The next 10-20% of my personal asethetic comes from the use of filtration. As with my testing of lenses, I'm always testing filtration to see what kinds of looks I can create in camera. With every piece of glass that is added in front of the lens comes an additional element that changes and mars the image in a unique way. I have also used filtration to match modern lenses with the look of older lenses. When I shot the example below, I only had one adapter and one set of Cooke S2/S3 lenses available to me, but we were shooting on two Red One's. (The second camera had a set of Red Pro Primes). During the preproduction testing, I found that a Schneider 1/8 Classic Soft and a 1/4 Coral matched the Cooke S2/S3's well. (The second BTS video from that production can be viewed here ). Watch the video and see if you can tell which shot was with the Cooke's and which was with the Red Pro Primes using filtration ...

(Funny Side Note: The green screen work I did on this was too good/clean. We actually had to go in and mess it up in post to achieve the lower quality effects/looks of the style that we were emulating)

The last 5-10%* of my style comes from the final grade. The look I get in my footage is mostly generated in camera. The final grade is then used to enhance what it already there. While a lot can be done in the grade to create various looks and styles, to date, none of the results that I have seen come close to replicating the organic nature (technical imprecision) that I can achieve by creating most of the look in camera first. So for me, the grade is about finessing and unifying the look, rather than creating it from scratch. One little trick I've had done on some of my projects lately has been to overlay actual film grain as the last step before outputting the final deliverable. This adds back in some additional texture to the video, enhancing that technical imprecision, err, I meant "organic-ness". ;) This should be done with a light touch, and it is best to use real film grain, from people like Grain 35 / Gorilla GrainRGrain. (The digital film grain plugin generators look fake, and just don't work in my opinion).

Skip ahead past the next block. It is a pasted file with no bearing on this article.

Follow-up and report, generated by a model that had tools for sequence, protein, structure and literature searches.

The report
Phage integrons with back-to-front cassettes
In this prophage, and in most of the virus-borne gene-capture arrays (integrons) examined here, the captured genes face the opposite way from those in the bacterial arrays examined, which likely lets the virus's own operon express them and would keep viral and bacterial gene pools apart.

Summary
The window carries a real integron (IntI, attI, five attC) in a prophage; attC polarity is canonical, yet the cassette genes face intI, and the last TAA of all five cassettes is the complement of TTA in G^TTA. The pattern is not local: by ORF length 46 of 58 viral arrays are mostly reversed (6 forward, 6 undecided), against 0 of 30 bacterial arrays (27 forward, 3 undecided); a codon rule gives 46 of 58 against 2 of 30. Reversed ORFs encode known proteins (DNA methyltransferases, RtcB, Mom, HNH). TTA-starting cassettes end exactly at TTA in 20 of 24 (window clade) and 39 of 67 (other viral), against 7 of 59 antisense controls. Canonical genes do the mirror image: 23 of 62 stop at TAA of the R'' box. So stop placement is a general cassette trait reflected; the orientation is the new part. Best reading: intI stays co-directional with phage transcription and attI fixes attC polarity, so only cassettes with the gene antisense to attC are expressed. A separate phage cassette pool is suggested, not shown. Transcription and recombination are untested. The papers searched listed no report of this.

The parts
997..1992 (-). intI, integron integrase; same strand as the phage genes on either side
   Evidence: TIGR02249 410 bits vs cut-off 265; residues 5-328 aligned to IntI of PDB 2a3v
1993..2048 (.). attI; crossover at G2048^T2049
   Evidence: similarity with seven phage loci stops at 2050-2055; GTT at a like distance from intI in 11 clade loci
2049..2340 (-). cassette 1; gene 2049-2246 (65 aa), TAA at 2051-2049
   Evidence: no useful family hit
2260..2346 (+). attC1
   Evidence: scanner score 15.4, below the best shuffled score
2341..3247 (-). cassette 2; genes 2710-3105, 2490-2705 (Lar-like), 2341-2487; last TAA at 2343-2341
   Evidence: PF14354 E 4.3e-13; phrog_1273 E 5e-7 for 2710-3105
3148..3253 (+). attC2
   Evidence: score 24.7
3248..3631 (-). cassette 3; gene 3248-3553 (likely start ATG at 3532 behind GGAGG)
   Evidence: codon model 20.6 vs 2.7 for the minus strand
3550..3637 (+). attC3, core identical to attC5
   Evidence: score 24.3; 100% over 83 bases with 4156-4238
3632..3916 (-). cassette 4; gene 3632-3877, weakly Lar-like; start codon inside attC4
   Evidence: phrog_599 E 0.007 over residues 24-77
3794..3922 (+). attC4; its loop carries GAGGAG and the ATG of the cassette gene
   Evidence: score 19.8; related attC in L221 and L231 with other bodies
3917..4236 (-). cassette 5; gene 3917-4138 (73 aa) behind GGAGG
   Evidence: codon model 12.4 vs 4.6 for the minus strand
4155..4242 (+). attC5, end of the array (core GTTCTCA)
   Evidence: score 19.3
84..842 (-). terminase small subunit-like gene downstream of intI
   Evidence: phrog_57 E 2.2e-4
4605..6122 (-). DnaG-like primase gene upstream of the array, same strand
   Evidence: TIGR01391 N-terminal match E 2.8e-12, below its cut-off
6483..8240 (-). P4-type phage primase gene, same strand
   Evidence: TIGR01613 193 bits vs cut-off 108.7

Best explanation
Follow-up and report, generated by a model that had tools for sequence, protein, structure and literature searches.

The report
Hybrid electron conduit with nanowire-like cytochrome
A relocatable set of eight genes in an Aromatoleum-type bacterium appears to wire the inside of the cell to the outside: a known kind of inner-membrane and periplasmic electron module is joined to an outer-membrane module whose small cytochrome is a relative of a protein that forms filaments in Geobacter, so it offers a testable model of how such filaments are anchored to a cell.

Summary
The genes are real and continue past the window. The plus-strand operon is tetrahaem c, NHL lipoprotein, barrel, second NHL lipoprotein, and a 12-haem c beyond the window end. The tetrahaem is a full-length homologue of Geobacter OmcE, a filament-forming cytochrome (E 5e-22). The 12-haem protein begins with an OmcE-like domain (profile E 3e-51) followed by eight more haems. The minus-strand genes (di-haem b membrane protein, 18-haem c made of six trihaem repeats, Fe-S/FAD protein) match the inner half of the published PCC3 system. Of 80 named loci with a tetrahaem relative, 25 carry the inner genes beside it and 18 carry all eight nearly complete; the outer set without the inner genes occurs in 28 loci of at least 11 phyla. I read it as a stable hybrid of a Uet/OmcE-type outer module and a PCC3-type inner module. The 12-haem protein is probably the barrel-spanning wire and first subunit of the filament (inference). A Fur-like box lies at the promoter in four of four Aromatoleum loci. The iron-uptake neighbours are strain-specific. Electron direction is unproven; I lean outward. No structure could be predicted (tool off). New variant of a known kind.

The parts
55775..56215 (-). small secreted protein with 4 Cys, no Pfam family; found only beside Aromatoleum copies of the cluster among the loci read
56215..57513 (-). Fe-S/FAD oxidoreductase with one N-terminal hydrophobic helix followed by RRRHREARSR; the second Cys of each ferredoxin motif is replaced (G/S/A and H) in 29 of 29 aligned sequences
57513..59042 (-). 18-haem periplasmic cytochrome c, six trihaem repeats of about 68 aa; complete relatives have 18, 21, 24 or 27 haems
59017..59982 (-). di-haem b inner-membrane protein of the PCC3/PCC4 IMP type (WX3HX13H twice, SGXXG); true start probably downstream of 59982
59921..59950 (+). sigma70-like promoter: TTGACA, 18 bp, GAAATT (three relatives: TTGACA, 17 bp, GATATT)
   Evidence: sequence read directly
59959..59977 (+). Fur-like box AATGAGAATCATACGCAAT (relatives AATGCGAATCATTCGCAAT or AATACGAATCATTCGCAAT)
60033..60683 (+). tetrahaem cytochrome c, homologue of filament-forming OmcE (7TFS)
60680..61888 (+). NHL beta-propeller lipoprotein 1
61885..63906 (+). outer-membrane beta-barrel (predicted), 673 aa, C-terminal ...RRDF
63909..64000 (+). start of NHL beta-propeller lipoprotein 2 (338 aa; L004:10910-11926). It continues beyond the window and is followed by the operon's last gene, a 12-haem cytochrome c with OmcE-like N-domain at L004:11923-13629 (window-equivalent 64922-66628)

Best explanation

*Yes, I know my percentages can add up to more than 100%. That is not the point; rather it is to show where I derive most of my asethic and style from.

Wrap Up-
I realize that aesthetic taste is a highly subjective thing, and my approach may not be right for you. You may prefer the ultra pristine look that you can get from digital cameras- which is great! But if you are looking for a way to add some character and personality back into your footage, then add in some lighting, lensing, filtration, grading, and season to taste. Then you will be well on your way to creating nuanced imagery that will have the life pulsating through every frame.

Until Next Time - Get Out There And Shoot!
Ryan E. Walters, Cinematographer